The Lean in Higher Education (leanHE) conference 2017 has come to end and, and as I sit on the plane from Sydney to Bangkok I’ll take the opportunity to write down some thoughts. Time flies, and it is hard to believe that it has been a full year since we left Scotland after the 2016 conference (which inspired our first improvement blog). In the day-to-day work and operations it might sometimes be difficult to spot the overall progress, but the conference gave a good opportunity to think about this. In the next passages I’ll sum up a couple (out of many) learning points as I give my view on the impact of the Sydney conference for me and my colleagues from UiT The Arctic University of Tromsø (UiT).
UiT has participated in this annual conference series with two or more delegates each year since it was held in Cardiff in 2014. This has had major impact on our work with continuous improvement. In Waterloo, in 2015, we were informally asked if we would be interested in hosting the conference at some point. In 2016, in Stirling, there was a soft launch of news that UiT would host the conference in 2018. Finally, this year in Sydney, it was a pleasure to formally announce Tromsø and UiT as the host for the next leanHE-conference.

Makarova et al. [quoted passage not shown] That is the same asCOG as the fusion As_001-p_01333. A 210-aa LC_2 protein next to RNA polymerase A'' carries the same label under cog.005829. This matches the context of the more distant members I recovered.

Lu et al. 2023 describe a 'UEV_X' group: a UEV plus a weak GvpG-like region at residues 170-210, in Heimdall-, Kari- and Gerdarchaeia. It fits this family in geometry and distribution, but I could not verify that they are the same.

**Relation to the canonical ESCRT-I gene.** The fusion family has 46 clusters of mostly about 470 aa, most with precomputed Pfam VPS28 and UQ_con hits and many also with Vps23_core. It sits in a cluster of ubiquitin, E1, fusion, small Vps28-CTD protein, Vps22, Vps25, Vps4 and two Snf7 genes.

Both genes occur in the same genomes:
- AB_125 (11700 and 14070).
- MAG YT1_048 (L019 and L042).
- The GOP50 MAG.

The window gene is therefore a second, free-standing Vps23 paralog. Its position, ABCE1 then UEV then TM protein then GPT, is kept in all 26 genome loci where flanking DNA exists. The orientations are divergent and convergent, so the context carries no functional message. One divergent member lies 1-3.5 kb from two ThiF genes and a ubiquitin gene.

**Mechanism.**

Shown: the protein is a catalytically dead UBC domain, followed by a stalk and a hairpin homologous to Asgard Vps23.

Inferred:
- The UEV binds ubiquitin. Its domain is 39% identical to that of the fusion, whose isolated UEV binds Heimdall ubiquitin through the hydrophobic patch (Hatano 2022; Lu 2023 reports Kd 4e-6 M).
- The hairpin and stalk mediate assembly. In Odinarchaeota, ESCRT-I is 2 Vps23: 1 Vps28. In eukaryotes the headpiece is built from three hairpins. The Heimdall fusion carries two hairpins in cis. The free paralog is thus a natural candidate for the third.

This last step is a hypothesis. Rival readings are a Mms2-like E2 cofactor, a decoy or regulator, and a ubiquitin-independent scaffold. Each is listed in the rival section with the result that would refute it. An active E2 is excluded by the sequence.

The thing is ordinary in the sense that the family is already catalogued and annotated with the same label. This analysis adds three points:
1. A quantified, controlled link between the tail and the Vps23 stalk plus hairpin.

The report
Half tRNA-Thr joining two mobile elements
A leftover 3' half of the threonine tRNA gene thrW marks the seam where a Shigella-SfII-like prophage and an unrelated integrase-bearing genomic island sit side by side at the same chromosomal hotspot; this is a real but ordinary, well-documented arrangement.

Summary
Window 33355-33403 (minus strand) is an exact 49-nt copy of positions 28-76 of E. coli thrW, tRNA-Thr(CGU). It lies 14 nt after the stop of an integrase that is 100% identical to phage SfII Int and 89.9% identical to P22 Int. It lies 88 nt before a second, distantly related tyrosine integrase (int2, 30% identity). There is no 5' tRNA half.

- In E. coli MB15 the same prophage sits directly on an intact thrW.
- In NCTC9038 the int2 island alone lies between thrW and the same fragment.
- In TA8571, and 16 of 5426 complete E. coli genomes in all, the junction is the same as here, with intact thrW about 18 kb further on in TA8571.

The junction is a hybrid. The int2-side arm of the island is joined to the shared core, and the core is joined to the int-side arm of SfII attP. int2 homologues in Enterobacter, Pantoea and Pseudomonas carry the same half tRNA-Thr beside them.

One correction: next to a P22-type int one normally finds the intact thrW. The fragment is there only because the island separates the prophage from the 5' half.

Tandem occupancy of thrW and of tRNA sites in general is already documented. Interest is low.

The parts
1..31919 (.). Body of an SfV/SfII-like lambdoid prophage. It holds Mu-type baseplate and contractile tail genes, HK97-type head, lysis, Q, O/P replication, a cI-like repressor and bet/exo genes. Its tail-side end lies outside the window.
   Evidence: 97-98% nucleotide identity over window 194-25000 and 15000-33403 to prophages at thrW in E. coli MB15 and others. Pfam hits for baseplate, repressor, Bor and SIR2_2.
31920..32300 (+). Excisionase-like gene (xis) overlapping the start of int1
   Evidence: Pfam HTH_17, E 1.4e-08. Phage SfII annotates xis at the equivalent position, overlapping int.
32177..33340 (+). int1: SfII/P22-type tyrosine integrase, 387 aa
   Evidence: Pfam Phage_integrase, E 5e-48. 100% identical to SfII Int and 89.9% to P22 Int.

With the knowledge that we would be responsible for next year’s conference, we travelled to Sydney not only to learn more about lean and continuous improvement in higher education, but also to observe how Macquarie University ran the event, the flow and feel of the conference and the overall output. We bring a lot of useful knowledge on this back home.
Another important discovery for us was that we are more capable of bringing experience and knowledge to the conference than we have been before. It was a good experience to be able to present some of the work we do at UiT. There are always new angles and takes on different problems, and so one of the most useful outputs was the many opportunities to grow larger and stronger networks with colleagues from all over the world.